In this issue of BYU Studies, you'll find a variety of topics and events related to Latter-day Saint history and culture addressed.
First, Jeff Walker thoroughly examines newfound information about certain events of the Mormon conflict in Missouri in 1838. Due to U.S. preemption rights and land surveying practices, many Mormons settled on unsurveyed land in northern Missouri because impoverished Saints did not have to pay for that land until the surveys were completed. After surveying was finished, these preemption rights were an impetus for Missouri land speculators to force Mormons from the state. Whether this was the primary motive from the outset is unclear, it is undisputable that key Missourians involved in the Mormon expulsion immediately seized a financial reward in Daviess County and gained clear title to Mormon lands. This article offers another perspective to the multifaceted causes that ended with the Mormons' forced expulsion.
Most Latter-day Saints know about Orson Hyde's dedication of the Holy Land in 1841. Few, however, are aware that there have been ten subsequent apostolic dedications of the Holy Land. Blair G. Van Dyke and LaMar C. Berrett look at these rededications in their article "In the Footsteps of Orson Hyde."
What kinds of hymns did the Latter-day Saints sing in the 1830s? And how did they sing them? The answers to these questions may surprise you. To read more about this aspect of early Mormon worship, see "What Hymns Early Mormons Sang and How They Sang Them," by Michael Hicks.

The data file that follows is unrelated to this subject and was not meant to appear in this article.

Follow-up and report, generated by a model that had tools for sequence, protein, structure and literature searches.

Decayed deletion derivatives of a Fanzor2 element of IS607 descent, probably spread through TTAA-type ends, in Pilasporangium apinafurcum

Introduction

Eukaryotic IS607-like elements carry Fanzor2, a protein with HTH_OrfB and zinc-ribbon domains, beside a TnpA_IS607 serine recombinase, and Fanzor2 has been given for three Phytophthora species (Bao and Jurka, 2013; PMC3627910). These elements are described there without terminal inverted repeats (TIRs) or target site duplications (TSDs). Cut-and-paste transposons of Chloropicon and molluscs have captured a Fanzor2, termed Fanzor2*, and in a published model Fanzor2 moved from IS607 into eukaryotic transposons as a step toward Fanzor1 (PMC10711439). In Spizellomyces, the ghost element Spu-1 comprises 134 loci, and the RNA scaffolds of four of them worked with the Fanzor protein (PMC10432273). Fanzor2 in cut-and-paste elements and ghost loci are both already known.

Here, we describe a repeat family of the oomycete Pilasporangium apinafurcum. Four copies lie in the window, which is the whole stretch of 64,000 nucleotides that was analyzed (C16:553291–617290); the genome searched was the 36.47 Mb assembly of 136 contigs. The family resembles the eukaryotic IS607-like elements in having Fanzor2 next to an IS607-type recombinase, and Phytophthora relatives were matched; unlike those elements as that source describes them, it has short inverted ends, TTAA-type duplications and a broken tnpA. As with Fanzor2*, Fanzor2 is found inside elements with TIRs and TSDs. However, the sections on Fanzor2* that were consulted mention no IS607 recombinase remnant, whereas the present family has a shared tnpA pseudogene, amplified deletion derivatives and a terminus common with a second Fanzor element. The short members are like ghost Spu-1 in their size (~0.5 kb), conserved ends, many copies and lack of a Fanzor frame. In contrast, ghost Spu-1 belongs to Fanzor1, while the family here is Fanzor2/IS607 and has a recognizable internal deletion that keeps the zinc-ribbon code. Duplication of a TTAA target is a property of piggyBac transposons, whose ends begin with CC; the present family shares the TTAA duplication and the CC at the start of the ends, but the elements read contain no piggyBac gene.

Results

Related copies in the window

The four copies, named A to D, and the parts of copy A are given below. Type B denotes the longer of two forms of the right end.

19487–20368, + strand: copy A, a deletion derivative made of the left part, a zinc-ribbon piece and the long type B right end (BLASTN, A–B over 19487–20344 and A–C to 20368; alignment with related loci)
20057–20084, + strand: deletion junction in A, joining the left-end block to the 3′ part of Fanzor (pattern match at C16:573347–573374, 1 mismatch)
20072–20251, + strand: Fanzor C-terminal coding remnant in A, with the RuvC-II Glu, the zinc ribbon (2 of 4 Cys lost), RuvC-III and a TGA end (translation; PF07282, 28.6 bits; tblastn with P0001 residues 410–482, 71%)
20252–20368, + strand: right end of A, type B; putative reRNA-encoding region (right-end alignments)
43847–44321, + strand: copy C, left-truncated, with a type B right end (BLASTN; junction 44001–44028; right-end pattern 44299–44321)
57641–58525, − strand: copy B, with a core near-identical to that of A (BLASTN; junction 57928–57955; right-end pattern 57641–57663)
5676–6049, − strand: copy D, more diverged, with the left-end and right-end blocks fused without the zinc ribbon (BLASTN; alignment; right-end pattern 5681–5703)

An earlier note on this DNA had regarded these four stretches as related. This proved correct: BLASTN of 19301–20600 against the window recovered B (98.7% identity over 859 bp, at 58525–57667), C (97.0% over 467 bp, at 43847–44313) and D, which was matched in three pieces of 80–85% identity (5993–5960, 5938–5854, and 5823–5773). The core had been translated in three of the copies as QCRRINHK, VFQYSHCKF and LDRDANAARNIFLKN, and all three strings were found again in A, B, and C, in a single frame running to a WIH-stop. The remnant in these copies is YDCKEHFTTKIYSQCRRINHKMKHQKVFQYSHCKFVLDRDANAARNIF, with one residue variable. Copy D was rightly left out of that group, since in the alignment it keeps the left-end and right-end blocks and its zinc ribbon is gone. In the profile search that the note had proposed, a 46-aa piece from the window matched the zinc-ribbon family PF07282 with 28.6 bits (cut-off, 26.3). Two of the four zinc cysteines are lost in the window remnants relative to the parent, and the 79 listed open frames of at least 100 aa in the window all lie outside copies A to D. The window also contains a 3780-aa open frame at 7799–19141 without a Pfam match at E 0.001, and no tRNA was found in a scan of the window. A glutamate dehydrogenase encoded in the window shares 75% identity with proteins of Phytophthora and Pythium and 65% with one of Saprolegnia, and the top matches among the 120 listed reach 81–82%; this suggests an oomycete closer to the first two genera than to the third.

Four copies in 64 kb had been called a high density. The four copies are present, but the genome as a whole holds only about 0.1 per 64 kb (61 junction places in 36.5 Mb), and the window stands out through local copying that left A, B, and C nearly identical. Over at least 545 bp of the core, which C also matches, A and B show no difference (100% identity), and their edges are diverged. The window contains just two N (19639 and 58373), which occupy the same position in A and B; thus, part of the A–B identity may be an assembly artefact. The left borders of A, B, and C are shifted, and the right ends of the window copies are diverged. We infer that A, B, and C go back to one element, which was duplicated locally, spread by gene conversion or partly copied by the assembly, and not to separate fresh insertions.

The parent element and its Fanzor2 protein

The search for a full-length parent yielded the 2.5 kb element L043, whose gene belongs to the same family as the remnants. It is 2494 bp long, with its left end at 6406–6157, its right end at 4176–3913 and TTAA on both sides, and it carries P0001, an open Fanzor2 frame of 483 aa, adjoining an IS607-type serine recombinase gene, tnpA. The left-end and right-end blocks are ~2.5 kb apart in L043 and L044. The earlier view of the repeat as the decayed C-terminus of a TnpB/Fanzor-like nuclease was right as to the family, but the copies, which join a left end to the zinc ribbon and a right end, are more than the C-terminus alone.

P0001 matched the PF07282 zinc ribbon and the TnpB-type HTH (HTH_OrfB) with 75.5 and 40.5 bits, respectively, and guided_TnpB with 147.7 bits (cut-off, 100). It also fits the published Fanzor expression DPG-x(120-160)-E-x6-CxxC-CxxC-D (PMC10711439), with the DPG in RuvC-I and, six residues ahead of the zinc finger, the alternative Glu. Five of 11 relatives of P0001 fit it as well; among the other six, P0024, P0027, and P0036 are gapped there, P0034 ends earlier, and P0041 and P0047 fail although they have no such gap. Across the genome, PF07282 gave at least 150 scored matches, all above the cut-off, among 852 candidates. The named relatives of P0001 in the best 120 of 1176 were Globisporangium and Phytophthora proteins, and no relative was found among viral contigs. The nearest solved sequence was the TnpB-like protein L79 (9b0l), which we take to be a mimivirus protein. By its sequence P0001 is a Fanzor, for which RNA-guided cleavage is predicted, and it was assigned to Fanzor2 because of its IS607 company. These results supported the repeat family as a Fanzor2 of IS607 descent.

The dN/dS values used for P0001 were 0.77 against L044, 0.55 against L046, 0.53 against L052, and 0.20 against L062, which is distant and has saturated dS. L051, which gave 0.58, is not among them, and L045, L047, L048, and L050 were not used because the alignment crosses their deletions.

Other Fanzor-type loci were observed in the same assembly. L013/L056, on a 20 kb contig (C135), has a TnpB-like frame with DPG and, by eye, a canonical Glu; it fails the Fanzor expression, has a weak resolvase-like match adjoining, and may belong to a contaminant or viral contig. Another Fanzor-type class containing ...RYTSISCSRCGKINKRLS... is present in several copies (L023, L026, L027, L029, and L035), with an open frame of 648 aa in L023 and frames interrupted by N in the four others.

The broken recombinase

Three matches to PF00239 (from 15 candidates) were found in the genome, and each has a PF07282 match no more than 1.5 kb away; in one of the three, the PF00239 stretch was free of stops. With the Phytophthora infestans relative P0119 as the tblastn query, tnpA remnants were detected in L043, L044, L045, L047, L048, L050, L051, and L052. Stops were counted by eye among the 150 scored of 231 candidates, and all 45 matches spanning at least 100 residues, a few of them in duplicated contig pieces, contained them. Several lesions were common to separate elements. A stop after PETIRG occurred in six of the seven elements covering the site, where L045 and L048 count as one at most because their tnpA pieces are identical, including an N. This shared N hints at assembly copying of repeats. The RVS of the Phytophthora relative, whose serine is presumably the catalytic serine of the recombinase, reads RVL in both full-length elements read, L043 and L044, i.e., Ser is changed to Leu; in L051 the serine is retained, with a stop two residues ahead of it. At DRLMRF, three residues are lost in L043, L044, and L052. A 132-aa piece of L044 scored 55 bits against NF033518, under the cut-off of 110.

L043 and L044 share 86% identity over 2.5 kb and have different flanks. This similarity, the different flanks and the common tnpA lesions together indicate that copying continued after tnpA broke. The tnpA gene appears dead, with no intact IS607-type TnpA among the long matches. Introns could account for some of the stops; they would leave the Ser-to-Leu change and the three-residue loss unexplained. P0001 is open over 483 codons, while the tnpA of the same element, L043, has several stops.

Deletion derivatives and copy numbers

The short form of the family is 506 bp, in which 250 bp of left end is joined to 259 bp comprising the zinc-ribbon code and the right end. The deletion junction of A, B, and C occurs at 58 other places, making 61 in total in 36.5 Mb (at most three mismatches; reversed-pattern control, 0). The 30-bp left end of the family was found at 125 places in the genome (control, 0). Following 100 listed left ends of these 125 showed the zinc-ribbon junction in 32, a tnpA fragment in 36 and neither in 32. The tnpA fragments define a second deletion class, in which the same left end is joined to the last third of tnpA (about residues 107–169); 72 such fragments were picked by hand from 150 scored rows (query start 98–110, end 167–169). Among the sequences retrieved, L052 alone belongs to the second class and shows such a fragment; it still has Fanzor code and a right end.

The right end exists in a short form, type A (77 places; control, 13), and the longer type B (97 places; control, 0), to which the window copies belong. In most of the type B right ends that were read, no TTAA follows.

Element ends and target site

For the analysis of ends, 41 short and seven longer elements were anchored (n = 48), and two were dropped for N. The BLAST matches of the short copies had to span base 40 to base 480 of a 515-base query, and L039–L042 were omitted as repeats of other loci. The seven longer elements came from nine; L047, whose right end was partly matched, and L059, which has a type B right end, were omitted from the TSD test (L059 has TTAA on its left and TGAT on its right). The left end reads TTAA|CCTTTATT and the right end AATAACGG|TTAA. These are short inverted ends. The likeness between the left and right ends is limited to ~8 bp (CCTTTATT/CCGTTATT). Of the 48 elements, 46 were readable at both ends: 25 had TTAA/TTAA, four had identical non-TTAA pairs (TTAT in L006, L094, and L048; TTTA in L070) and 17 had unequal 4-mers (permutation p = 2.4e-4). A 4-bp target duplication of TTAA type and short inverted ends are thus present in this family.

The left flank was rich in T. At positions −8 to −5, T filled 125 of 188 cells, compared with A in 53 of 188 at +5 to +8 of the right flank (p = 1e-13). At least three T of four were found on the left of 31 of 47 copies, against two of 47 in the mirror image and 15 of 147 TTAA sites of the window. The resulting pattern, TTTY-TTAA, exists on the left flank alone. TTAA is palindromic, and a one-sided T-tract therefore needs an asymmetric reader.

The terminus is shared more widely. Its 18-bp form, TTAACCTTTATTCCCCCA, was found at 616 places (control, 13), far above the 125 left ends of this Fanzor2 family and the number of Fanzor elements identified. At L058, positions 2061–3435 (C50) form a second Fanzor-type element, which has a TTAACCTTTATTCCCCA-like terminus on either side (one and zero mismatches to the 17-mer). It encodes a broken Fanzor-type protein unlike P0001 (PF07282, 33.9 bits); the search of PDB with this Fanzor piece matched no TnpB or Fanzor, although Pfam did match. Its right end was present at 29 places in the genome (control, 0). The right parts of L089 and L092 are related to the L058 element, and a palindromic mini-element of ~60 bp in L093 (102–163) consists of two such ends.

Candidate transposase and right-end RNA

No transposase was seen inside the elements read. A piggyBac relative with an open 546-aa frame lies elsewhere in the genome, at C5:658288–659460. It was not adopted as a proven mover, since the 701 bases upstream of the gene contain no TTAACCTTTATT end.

A little-known document from 1842, written by the Twelve Apostles, tells the Saints in Europe how to gather their resources and emigrate. Josh Probert tells us that this epistle is significant not only for its message, but for what it says about the role of Twelve in 1842.
In the review essay "Selling the Soul of Science for a Pot of Message: Evangelizing Atheism in The God Delusion," Steven C. Walker writes of the growing number of books that look at scientific evidence as a justification for atheism. Primarily reviewing Richard Dawkins's new book The God Delusion, Walker shows the fallacies inherent in trying to impose materialist and reductive paradigms into the realms of faith, imagination, and religion.
Two new media reviews give researchers a way to narrow down their research to include the most reputable repositories and databases online. Richard Hacken gives an up-to-date review of the online document research world in "The Current State of Primary Historical Sources Online," and Howard C. Bybee gives a thorough overview of resources for family history researchers in "Online Genealogical Research Resources."